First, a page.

Insurance companies are paying out a staggering £1.8m EVERY DAY in the UK for damage caused by escapes of water inside homes and businesses.
The figures from the Association of British Insurers are mind-blowing and yet the amount they pay out could be so much lower if each insurance company gave all its customers a pack of 5 super-absorbent FloodSax which are designed to soak up water in the hardest-to-reach places such as beneath boilers, under floorboards or below sinks.
The trade cost could be around £20 per house plus postage.
Instead, insurance companies are paying out on average £2,638 for each escape of water claim. These are the leading cause of home insurance claims in the UK with escape of water claims accounting for 29% of all domestic claims.
That’s just the financial side. Internal leaks cause absolute misery as water is incredibly destructive, damaging everything it touches from floors and furniture to electrics so it usually all has to be thrown away.
That’s before you’ve all the hassle of making a claim and then trying to find trades people who can do a good job and, more importantly, when they’re available. You could be living in a house badly damaged by water for months waiting for vital repairs.
FloodSax are thin absorbent pads with a large surface area and a gelling polymer so they soak up water to stop it escaping anywhere else. It means you can use them to prevent costly water damage while you turn the stop tap off and call for help from an emergency plumber.
FloodSax are made by Environmental Defence Systems based in Huddersfield, West Yorkshire, and Lucy Bailey from the company said: “FloodSax are vacuum-packed so are space-saving to store yet so quick and easy to deploy they can be in action preventing serious water damage in less than one minute.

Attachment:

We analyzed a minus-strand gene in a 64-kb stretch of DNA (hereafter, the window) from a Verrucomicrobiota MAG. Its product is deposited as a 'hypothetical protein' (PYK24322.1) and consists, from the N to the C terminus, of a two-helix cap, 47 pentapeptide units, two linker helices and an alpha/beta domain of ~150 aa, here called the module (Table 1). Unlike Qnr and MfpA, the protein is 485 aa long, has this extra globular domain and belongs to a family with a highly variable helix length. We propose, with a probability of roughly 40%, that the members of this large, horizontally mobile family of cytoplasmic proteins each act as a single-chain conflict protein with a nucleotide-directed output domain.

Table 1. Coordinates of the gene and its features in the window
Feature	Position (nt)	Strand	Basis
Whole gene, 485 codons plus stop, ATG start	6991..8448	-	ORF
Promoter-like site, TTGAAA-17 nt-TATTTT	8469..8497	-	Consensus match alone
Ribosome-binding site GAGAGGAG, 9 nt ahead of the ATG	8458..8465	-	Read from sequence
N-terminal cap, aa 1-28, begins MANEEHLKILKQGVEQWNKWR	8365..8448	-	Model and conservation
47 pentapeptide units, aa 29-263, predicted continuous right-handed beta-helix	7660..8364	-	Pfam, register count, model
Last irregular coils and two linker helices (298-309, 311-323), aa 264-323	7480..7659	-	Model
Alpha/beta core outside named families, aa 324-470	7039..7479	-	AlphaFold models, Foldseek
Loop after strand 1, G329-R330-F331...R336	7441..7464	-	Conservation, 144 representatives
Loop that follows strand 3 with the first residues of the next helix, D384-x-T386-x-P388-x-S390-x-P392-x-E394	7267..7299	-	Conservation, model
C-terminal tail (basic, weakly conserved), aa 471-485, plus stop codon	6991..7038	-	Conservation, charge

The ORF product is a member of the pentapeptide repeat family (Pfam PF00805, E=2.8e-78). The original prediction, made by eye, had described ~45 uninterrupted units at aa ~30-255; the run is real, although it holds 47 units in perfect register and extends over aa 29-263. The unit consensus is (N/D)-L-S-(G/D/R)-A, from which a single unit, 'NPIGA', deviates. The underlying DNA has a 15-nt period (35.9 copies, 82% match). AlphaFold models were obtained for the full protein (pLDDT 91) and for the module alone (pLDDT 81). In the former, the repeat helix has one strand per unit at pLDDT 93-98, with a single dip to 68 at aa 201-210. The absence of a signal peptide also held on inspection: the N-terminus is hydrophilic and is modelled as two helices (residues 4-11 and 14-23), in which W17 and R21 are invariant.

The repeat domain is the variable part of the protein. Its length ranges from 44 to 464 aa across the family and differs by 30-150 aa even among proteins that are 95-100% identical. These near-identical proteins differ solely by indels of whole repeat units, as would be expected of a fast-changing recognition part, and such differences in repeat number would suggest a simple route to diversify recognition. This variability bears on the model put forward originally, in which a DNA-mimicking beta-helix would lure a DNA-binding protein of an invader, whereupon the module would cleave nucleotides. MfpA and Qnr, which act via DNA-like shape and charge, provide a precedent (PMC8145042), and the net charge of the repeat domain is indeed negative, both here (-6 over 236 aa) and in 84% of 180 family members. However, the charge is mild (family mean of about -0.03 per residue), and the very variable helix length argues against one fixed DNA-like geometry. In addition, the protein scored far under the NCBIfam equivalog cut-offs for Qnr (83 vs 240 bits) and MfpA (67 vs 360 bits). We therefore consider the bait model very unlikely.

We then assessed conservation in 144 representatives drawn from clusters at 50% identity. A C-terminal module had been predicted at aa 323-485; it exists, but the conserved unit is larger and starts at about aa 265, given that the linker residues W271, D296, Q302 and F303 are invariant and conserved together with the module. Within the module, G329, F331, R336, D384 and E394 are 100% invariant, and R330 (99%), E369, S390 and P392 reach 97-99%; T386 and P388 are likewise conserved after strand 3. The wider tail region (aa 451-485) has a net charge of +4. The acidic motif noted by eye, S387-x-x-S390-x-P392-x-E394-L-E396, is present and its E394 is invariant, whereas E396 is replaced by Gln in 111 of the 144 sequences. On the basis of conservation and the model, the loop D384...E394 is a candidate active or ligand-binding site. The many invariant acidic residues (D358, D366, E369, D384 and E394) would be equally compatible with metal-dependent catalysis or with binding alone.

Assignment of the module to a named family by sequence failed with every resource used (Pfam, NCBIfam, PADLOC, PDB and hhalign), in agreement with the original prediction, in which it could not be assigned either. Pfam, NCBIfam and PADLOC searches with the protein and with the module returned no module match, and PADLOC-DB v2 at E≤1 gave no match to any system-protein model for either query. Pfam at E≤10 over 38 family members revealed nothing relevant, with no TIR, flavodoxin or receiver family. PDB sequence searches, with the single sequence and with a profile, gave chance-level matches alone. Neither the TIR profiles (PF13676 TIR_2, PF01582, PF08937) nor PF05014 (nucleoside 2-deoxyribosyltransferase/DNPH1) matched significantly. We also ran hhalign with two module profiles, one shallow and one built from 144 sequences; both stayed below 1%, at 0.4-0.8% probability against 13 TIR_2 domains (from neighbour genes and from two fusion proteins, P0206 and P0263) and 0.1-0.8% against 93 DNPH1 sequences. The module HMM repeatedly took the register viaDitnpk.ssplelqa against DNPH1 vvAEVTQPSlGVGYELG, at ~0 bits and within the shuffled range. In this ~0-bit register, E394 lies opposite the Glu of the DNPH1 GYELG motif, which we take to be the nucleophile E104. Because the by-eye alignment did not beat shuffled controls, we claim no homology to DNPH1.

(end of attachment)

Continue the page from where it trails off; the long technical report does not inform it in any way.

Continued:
“If flood damage could be prevented just think how many millions of pounds the insurance industry would save itself every year. There is a saying that prevention is better than the cure and, as we all know, curing the problem of a house or business badly damaged by water is a long, drawn-out, painful and expensive process.”
One lady has flood-proofed her Victorian flat in Great Malvern, Worcestershire, by putting FloodSax beneath her boiler, sinks, kitchen units and even her bath to prevent flood damage.
FloodSax are white and show up any small leaks quickly with watermarks so a potentially catastrophic plumbing problem can be repaired early. In short, they are an early warning system.
What people may also not realise is that the excess you pay for a flood in your home is way more than your usual excess, typically £300 compared to £100.
Insurance comparison giant Go Compare states: “Water leaking and causing damage in a home is very common and the compulsory excess for these claims will often be around £300, which is higher than normal.”
In short, it simply makes no sense not to have packs of FloodSax ready for a flood as the cost is negligible compared to the cost of a flood. With the excess so high it’s doubtful people would claim unless the damage was around £500 bearing in mind any claim would likely push the premium sky-high the following year.
Escapes of water are most likely to come from a water pipe, a leaking domestic appliance such as dishwashers and washing machines, the boiler and central heating system or a water tank.
Worryingly, one insurance giant revealed that not all escapes of water you think are covered are actually covered.
These include damage to drains or pipes, flooding caused by taps being accidentally left on, water escaping from external pipes that are above ground, loss or damage to solid floors by infill materials settling, swelling or shrinking due to a water escape; loss or damage caused by subsidence, heave or landslip caused by an escape of water.
So, like a lot of these things it’s worth reading the exclusions on your home or business insurance policies as it may shock and surprise you.
People searching for FloodSax online call them floodsacks, floodbags, flood_bags, sandbags other, alternative sandbags, sandless sandbags, gelbags and polymer bags but there is only one multi-use FloodSax.
For more information on FloodSax, including testimonials and video go to www.floodsax.co.uk